Lefse isn’t glamorous.
“Honestly, the first time I tried it, I thought it was just OK,” said Eva Hjorth, who grew up in Sweden, but married a Norwegian.
What lefse lacks in glamour, it makes up for in sentimentality. Any Norwegian or Norwegian American wants lefse, especially during the holidays, said Wendy Madsen Drayton, a member of Boise’s Sons of Norway Grondal Lodge, who grew up in Norway.
For Norwegian Americans, lefse represents family, said Hjorth, who’s also a lodge member.
“It’s like turkey and all the fixings for American Thanksgiving. It’s a staple everyone associates with Norway,” she said.
Lodge members donned their white aprons on a recent Saturday and gathered at the King of Glory Lutheran Church on Maple Grove. They spent the day in the church kitchen making piles and piles of lefse to sell at their bazaar on Dec. 3.
The flat potato-based bread — think Norwegian tortilla — is so popular, it sold out in seven minutes at last year’s bazaar, said lodge member Sue Harpold. For this year’s bazaar, they’re thinking of limiting the quantities people can buy. Otherwise, one person might walk out with 15 packets of the bread, she said.
Making lefse is labor intensive, said Hjorth. The night before the Saturday lefse bake, Hjorth and her fellow lodge members were home peeling many pounds of potatoes, cooking them, then ricing them — not once but twice — to transform them into the smoothest potato pudding possible.
The next day, lodge volunteers mixed the potatoes with flour to make the dough, rolling it into logs. From there, other volunteers rolled the dough out on special lefse boards. The idea is to roll it so thin, it’s possible to read the writing on the board through the lefse. There’s an art to this, said Hjorth.
“The dough is sticky and has a tendency to stick and tear.”
If this happens, out the lefse goes. One mark of a good Norwegian bride, she added, was one who could roll the thinnest lefse.
Rolling the lefse is just one step along the way. From there, cooks use a special flat stick, often embellished with rosemaling or traditional Norwegian decorative painting, to pick up the paper-thin lefse and unfold it with painstaking care on a hot griddle. Once the round starts to turn golden brown, out comes the stick again to carry the lefse to its cooling bed under a heavy layer of clean white cloth.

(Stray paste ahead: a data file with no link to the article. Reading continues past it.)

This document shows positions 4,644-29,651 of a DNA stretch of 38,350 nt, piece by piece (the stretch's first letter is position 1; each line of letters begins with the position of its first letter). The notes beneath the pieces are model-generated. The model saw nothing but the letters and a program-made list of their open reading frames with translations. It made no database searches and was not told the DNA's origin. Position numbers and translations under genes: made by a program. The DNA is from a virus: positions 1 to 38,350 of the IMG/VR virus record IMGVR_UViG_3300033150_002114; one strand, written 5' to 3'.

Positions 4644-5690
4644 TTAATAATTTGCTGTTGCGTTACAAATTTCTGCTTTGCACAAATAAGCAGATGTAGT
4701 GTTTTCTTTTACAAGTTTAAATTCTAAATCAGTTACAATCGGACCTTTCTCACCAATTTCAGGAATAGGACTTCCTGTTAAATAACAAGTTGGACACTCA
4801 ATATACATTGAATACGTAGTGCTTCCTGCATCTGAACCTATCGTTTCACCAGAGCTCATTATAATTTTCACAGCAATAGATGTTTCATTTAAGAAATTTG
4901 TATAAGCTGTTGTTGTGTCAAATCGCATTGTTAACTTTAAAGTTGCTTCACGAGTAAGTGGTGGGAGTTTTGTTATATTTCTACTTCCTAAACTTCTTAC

Lodge members will keep their lefse in the deep freeze until the holiday bazaar. The lucky folks who get to take a packet home might enjoy it sweet, with butter, cinnamon and sugar, or savory, eaten with buttery Norwegian cheese.
In any case, it will remind its fans of past generations and keep those ties strong. The first time Bev England made lefse after her mother died, the idea was so intimidating she had to consult with an older Norwegian neighbor.
Even now, years later, she still looks towards the heavens every time she makes lefse and says, “Mom, are you watching?”
Lefse, selling like hotcakes ...
Sons of Norway Grondal Lodge Holiday Bazaar: Bake sale with lefse, krumkake, Scandinavian cookies, raffle, traditional Norwegian crafts including rosemaling, RuneScape jewelry, handmade table linens, aprons, Christmas cards, note cards. Lunch and snacks: Norwegian yellow pea soup and open-faced sandwiches, homemade German sausage, desserts, beverages. 9 a.m. to 3 p.m. Dec. 3, at the King of Glory Lutheran Church, 3430 N. Maple Grove Road, Boise.
Shepherd of the Valley Lutheran Church annual Holiday Bazaar: Lefse and other Scandinavian delicacies, homemade pies and breads, cookies, canned goods; homemade crafts including quilts; raffles; lunch available. 9 a.m. to 1 p.m. Nov. 12, 3100 S. Five Mile Road, Boise. Information: Cindi Michalski at 208-761-7269.
Search a list of area holiday bazaars in our database at IdahoStatesman.com/bazaars or view the list that was printed in the Sunday, Oct. 9, Statesman.
Note: Lefse is cooked on a lefse grill. If you don’t have one, you can try a flat, non-stick pan.
10 pounds potatoes
2 sticks butter
Plenty of flour (see instructions below)
1/2 cup sugar
2 tbsp. salt
Just under 2 cups half-and-half or heavy cream
In a large pot, drop peeled and cut-up potatoes in enough water to cover. Boil until the potatoes are cooked. Pour off the water and return potatoes to burner to cook off excess water in the potatoes. Rice potatoes twice while hot. Potatoes must be well cooked, well-drained and well-mashed, without lumps.
Add the butter, sugar, salt and cream. Beat again until the mixture is light and fluffy. Cover potatoes with tea towel, not plastic wrap or lid, and cool well in refrigerator, preferably over night.
When cooled, mix 1 cups potatoes to 1 cup flour, knead, but not too much. Form into a log about the size of a potato. Keep the dough in the refrigerator and take one log out at a time as you cook it on the griddle. Cut the log into pieces, roll with a covered lefse roller (or any flat roller) flat enough to see through. Cook on lefse grill about 90 seconds to 2 minutes per side. Check the underside of the lefse; you don’t want it to toast — that means it is overcooked. Place lefse between cloths to steam and cool. When cool, fold twice and store in plastic bags. If you’re not using a lefse grill, the temperature should be hot, but not so hot that it toasts the lefse during the 90-second-to-2-minutes per side cooking time.
To learn more about making lefse, visit the Sons of Norway website at sofn.com/norwegian_culture/featured_recipes/lefse. The recipe there is a little different, but the instructions have some good tips.